If you have a root canal treatment coming up, then you are probably wondering whether your dental plan will pay for it or not. Well, dental insurance may or may not pay for your root canal treatment depending on the specifics of your case. For example, it may pay for the treatment if:
You Have Not Exceeded the Maximum Yearly Benefits
Most medical plans limit the maximum claim you can make per year. Therefore, your insurance carrier will only pay for your root canal if you haven't exceeded your limit for the year. For example, you will be out of luck if your yearly limit is $2,000 and you have already got $2,000 worth of dental treatments for the year. Don't forget that delaying a root canal isn't advisable because you may lose the tooth; its best to look for alternative sources of payments if your insurer can't provide it.
It's the First Root Canal for the Tooth
Dental plans, just like other forms of insurance coverage, have their restrictions. For example, a common restriction applies to the number of root canal treatments you can have per tooth. In most cases, you will only be allowed one treatment per tooth for your lifetime or one treatment per tooth per specified number of years. Therefore, if your previously treated tooth has failed and you need another root canal, you may have to pay for it out of your own pocket.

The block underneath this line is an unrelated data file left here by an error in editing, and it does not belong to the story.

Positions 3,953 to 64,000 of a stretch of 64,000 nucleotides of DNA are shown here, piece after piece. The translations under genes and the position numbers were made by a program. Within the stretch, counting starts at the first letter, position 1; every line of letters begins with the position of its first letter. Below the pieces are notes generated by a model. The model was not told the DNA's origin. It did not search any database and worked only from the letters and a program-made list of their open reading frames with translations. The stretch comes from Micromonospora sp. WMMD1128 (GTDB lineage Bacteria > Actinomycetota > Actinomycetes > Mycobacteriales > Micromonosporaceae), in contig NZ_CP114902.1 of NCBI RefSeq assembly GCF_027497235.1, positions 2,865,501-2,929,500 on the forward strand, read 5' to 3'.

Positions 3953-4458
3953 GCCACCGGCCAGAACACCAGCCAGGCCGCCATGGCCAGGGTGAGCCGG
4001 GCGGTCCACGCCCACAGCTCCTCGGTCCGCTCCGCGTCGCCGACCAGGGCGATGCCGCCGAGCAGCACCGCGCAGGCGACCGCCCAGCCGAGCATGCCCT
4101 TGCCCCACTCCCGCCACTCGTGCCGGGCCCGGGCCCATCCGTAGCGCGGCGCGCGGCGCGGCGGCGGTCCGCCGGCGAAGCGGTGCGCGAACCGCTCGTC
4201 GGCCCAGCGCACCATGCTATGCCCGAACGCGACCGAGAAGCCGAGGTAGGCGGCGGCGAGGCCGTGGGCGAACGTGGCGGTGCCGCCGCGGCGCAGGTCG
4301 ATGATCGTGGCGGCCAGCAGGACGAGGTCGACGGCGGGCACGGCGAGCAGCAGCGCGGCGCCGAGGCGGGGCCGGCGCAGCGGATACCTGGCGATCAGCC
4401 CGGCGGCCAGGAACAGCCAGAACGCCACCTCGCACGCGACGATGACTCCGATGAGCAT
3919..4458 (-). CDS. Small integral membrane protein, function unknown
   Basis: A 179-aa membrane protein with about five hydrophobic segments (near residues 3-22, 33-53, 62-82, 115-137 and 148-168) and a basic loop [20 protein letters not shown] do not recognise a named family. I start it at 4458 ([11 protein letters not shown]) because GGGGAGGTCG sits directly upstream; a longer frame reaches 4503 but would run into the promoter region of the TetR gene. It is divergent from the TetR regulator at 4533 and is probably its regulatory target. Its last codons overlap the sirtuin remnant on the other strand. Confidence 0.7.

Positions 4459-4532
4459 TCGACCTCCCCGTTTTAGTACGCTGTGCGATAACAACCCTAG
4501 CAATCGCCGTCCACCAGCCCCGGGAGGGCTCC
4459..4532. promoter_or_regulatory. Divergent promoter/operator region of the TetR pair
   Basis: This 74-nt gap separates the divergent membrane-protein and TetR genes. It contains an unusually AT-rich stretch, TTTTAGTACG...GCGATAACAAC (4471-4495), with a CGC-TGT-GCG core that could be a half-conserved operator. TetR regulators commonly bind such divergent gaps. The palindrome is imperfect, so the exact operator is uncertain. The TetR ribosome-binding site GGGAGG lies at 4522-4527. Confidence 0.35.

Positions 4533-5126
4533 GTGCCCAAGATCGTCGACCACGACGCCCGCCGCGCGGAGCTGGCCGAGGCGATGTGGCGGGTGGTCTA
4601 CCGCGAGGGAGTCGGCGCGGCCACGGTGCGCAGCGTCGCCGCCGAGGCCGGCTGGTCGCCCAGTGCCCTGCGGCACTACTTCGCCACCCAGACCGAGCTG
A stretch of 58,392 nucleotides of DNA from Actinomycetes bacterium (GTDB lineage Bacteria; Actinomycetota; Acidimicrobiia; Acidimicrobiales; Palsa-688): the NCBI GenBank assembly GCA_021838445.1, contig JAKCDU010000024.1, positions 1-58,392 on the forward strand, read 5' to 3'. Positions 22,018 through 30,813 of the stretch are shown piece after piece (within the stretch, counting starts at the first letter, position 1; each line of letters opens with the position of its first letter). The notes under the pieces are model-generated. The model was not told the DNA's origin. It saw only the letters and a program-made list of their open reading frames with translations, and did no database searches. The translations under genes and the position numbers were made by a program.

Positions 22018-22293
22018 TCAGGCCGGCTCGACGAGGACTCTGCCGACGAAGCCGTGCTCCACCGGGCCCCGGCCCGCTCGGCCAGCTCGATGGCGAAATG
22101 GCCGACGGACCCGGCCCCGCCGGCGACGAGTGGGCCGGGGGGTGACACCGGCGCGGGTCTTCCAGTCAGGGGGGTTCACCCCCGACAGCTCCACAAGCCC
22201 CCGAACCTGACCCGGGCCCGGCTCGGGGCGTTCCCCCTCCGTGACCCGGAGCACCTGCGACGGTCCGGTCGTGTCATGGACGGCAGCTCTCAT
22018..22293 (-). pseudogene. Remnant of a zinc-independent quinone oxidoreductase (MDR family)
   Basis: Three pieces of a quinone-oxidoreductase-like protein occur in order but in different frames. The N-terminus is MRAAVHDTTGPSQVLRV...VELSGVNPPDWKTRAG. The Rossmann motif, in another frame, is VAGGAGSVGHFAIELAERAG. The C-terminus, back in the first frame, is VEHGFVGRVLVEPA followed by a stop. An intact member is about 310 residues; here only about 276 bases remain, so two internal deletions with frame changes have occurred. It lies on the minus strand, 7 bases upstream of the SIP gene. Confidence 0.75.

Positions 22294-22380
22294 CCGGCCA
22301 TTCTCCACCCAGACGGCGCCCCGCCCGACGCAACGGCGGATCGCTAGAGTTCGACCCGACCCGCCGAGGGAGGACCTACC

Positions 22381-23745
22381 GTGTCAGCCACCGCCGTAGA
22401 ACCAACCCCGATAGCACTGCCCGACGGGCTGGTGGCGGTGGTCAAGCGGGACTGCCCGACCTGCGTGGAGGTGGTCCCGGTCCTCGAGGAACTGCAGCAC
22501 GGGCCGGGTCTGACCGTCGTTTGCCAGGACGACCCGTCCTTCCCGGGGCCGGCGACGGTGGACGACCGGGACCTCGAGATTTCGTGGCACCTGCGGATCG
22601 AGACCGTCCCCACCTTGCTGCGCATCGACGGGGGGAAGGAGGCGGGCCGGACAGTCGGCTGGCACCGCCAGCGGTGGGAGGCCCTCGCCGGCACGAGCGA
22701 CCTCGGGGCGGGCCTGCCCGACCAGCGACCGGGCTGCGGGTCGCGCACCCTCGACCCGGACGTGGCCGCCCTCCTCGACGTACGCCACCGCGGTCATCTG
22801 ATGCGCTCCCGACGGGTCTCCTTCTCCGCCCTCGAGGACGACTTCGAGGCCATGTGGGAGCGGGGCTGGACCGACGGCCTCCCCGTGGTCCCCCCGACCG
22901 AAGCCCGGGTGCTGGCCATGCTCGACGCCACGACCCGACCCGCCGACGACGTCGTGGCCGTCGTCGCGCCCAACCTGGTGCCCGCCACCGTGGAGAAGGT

The Waiting Period is Over
Insurance coverage is meant to cover for unforeseen risks and not risks that you are already grappling with. That is why most forms of insurance have waiting periods; the waiting period means you can't buy dental coverage today and use it for a root canal the next day. In some cases, the root canal for extensive or expensive treatments such as a root canal may be as long as one year. Those who benefit most from dental plans are those who bought them when they didn't need the coverage.
You Are Being Treated by a General Dentist
A root canal treatment can either be perfumed by a general dentist or a specialist such as an orthodontist. Specialists generally charge higher rates than general dentists. However, most dental plans don't distinguish such things and have the same rates for both general and specialist dentists. This means your insurance carrier is only likely to pay your treatment in full if you get it from a general dentist like Pacific Ave Dental/Allan L. Hablutzel, DDS.